자료: Federal Reserve Bank of Richmond, Economic Quarterly, Volume 79/3 Summer 1993
The leading source of data on credit aggregates is the Flow of Funds Accounts (FOFA). This article provides an introduction to the accounts.
- The first section describes the nature, history, and availability of the accounts.
- Section 2 explains the accounts’ organization by sector and transaction.
- The third section traces the behavior over time of various credit measures from the FOFA.
- Section 4 highlights features of the accounts that warrant caution, and finally
- Section 5 provides suggestions for additional readings that provide a more thorough discussion of the accounts.
2. STRUCTURE OF THE ACCOUNTS
The FOFA are organized along two dimensions: by economic sector and by transaction type. The FOFA partition the economy into financial and nonfinancial sectors. The nonfinancial sector is then divided further into three categories: Private Domestic Nonfinancial, U.S. Government, and Foreign. Thus, the FOFA split the economy into four broad sectors:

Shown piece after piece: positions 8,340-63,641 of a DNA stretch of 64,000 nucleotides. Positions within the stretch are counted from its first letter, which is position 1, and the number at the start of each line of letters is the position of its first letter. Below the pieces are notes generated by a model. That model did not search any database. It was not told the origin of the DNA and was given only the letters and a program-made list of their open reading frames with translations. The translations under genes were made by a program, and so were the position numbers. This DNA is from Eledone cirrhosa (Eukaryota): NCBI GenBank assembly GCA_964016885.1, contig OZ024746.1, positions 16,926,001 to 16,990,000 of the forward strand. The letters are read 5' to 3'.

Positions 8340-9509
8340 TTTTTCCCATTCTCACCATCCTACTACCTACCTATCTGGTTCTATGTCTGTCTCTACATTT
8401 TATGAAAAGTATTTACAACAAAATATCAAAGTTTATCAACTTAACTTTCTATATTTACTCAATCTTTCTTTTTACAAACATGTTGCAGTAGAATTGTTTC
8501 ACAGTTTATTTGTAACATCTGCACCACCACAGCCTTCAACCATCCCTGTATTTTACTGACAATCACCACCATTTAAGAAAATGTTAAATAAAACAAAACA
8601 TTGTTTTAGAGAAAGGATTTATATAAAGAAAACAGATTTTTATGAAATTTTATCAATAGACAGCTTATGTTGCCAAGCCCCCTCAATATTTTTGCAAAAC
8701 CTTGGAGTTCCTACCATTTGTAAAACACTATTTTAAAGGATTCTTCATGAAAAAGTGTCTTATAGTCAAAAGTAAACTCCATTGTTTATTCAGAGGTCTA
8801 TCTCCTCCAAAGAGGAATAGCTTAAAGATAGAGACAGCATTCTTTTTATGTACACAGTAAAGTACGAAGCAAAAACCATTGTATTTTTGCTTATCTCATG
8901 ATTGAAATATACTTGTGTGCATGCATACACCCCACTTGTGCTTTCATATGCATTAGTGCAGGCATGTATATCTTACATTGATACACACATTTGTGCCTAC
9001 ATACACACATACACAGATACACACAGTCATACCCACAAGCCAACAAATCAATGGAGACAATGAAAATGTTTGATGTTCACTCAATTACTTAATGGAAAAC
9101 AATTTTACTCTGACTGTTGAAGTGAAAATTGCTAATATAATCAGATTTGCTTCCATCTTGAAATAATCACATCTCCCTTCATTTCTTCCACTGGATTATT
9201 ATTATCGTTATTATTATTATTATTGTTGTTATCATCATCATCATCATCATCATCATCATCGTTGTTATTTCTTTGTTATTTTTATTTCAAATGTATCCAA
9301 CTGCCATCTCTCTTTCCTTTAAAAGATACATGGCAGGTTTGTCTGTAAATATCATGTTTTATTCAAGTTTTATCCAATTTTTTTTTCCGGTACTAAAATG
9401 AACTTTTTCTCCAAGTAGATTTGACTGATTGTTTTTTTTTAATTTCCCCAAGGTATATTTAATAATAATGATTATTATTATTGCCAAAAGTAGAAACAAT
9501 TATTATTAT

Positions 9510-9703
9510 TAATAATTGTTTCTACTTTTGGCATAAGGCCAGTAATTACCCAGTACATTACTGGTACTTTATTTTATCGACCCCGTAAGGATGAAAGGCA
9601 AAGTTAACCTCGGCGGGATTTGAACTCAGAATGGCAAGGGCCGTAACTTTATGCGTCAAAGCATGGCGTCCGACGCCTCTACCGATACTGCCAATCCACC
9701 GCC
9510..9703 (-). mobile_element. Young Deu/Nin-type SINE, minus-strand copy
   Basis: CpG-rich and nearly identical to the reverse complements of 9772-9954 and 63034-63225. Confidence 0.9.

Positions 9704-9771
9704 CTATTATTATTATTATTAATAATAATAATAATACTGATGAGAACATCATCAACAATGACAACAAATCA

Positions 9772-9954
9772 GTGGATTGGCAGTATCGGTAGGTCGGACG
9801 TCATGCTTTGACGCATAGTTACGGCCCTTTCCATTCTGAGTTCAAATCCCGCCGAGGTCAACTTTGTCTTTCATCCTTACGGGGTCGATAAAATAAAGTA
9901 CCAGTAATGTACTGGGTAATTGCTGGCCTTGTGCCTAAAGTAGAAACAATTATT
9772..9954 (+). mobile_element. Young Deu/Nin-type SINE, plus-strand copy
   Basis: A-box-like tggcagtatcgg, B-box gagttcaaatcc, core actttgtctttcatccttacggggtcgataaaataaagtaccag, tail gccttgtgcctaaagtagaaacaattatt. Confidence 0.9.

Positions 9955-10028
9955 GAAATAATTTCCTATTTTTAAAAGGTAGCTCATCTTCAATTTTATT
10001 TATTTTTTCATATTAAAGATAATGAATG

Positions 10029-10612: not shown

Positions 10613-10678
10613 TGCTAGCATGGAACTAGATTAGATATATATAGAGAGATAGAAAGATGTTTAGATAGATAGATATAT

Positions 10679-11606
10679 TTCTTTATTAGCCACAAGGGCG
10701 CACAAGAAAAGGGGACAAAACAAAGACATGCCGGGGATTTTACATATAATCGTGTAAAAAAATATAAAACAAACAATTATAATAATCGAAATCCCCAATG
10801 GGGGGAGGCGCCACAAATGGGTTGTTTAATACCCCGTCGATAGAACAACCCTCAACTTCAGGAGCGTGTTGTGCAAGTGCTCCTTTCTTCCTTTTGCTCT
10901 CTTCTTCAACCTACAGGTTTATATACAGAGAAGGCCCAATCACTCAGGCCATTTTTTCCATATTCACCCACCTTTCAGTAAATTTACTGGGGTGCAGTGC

- Private Domestic Nonfinancial,
- U.S. Government, and
- Government, and
The FOFA also are organized by the types of transactions among these sectors.
- Financial claims, such as demand deposits, bonds, corporate equities, and mortgages, represent different financial transaction categories.
- Nonfinancial capital transactions, which consist of saving and investment flows, constitute another transaction category. Estimates of the nonfinancial capital flows come directly from the NIPA.
Data on income, transfer payments, and expenditures on goods and services, are not included in the FOFA, except to the extent that saving is the balance of current receipts less current outlays.
In addition to being organized along those two dimensions, the FOFA also report data in two different but related ways:
- for stocks of financial assets and liabilities and
- for financial and nonfinancial capital flows.
For each sector, the reported stocks provide a balance sheet of the financial assets and liabilities of that sector. The reported flows record the change in balance sheet holdings of financial assets and liabilities between the current period and the previous one. The flow data also report nonfinancial capital transactions from the NIPA.
Figure 1 shows the level of credit market debt owed by each sector from 1952:1 to 1993:1. Descriptions of each sector follow.